Bike Belleville returns to town this weekend

News-DemocratOctober 16, 2013 


A black iron penny-farthing, also known as a high-wheeler, will be one of a dozen antique bicycles on display as part of the Bike Belleville ride on Sunday.

The bike is nearly 6 feet tall with a giant front wheel and small back wheel. It was built in the late 1800s by Belleville machinist John C. Born.

The bike was passed down to his son, William Born, William's nephew, Neal Gerfen, and Neal's daughter, Lyn Mudd. She rode it in homecoming parades during high school and belonged to a touring group called the High Wheelers of Highland.

"I tried (to ride it) on Sunday and went about three feet and did a side dismount, which is not advisable," said Mudd, 58, of Swansea. "It wasn't pretty. I hadn't ridden it in a long time. It takes a lot of muscle. I'm 58, and that ship has sailed."

This is the fourth year for Bike Belleville, a recreational ride on the Richland Creek Greenway Trail from North End Park to South Side Park (1.9 miles one way).

It's sponsored by the Optimist Club of Belleville in cooperation with Belleville Parks and Recreation Department, Metro East Park and Recreation District and Allsup Inc. Hours are 1 to 4 p.m.

"It's a family event," said Judy Belleville, co-chair with Charles Mayhew. "(The purpose is) to call attention to the beautiful trails Belleville has and the importance of physical fitness for everyone, children and adults alike."

Admission is free, and no advance registration is necessary. The club is asking everyone to sign up at North End Park for a chance to win prizes, including boy's and girl's bicycles and meals for two at Fischer's, Seven and Pie Pantry.

Other North End Park activities will include a YMCA climbing wall, music by Belleville West Jazz Band and demonstrations by Eagle and Dragon Martial Arts. A Fun Spot portable skating rink will be set up at Rotary Park.

"We're going to give away vanilla wafers, bananas, apples and waters at all the parks (along the route)," Belleville said.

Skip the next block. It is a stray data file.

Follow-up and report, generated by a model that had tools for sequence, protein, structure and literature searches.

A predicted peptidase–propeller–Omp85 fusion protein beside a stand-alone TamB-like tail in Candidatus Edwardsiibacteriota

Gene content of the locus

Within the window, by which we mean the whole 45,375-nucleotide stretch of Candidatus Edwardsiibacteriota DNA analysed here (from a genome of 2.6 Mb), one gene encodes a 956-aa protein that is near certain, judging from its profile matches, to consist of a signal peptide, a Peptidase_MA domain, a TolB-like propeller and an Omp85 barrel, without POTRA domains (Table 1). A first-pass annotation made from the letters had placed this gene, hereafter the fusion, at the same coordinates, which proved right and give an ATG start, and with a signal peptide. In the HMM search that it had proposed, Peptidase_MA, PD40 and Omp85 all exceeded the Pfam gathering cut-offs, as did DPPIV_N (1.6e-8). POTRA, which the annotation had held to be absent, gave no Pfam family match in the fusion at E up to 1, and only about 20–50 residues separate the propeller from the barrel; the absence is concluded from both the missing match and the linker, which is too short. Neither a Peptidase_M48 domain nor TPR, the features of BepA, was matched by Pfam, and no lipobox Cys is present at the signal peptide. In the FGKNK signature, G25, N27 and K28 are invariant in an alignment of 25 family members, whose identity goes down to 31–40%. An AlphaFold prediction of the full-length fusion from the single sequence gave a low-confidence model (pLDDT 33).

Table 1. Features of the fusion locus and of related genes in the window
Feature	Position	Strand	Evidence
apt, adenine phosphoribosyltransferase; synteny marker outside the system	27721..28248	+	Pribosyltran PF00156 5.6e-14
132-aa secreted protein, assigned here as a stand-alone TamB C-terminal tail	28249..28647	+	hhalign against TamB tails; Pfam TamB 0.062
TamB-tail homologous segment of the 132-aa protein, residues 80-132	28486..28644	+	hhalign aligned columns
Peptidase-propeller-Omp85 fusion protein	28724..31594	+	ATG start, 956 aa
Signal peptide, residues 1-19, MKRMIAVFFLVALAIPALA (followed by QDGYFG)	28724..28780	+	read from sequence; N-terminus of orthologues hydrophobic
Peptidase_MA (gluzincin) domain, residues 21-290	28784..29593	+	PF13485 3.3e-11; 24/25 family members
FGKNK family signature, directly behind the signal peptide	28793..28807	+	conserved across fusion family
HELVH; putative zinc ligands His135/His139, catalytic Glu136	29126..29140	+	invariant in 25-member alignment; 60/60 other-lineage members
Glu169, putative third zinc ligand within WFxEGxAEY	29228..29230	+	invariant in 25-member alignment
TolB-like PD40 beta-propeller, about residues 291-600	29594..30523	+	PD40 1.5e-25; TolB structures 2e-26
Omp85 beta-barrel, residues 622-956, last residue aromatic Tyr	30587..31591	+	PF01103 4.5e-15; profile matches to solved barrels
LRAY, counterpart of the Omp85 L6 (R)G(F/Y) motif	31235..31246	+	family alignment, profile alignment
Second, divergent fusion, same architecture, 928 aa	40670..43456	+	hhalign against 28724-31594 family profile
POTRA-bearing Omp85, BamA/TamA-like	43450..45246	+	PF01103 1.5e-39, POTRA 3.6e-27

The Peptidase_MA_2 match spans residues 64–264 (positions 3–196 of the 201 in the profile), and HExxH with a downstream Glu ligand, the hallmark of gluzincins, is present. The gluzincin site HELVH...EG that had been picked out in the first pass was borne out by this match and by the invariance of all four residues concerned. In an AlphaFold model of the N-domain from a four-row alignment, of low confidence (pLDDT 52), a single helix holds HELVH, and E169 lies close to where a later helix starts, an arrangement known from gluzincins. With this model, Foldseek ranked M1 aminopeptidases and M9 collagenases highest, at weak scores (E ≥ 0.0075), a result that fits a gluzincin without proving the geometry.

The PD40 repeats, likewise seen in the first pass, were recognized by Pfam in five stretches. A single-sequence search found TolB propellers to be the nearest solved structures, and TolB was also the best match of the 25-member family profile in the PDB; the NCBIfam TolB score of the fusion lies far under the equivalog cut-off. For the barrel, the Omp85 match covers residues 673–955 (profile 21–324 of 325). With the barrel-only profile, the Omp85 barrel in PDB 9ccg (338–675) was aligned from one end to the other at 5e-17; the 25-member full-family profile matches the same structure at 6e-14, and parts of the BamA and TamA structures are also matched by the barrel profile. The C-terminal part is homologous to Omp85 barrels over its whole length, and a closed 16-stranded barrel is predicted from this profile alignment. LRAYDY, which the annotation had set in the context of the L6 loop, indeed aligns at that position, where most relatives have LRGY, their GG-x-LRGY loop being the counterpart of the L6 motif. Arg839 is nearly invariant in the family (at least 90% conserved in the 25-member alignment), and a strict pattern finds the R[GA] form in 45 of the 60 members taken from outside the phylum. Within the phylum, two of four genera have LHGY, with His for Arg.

The Optimist Club also will distribute helmets at North End Park to children who don't have them.

South Side Park will be the site of music by Wolf Branch Rock Band and the antique bicycle display, spanning the 1900s to the 1970s. Belleville was thrilled to learn Mudd was willing to bring her penny-farthing.

"The Borns were machinists in the building that is home to the Labor and Industry Museum," said Belleville, its collection coordinator. "We have all their patent records and one of their cutting machines."

The penny-farthing was perhaps most beloved by the late Neal Gerfen, a farmer and Freeburg Township constable. He rode it in area parades.

A 1965 photo shows him in the Belleville sesquicentennial parade, wearing a white shirt, string tie, vest and derby hat.

"He was able to do it because he was tall and thin," said his widow, Betty Gerfen, 84, of Freeburg. "Those bicycles weren't made for fat people. You have a very small back wheel and a very large front wheel, and you sit high on the seat. You had to be in good shape to ride one. They weren't Cannondales."

Gerfen learned about Cannondales from her son, Raymond, an avid cyclist who rode to both coasts. He later was killed by a lightning strike at 33.

"I thought it was so neat that our son was following in the tradition of his great-grandfather (John Born)," Gerfen said.

At a glance

What: Fourth-annual Bike Belleville

When: 1 to 4 p.m. Sunday

Where: Richland Creek Greenway Trail from North End Park to South Side Park and back (about 1.9 miles one way)

Cost: Free

Registration: At North End Park

Parking: North End Park, Hough Park or South Side Park

Prize drawings: 4 p.m.

Information: Call Judy Belleville at 618-234-7862 or Charles Mayhew at 618-806-5145

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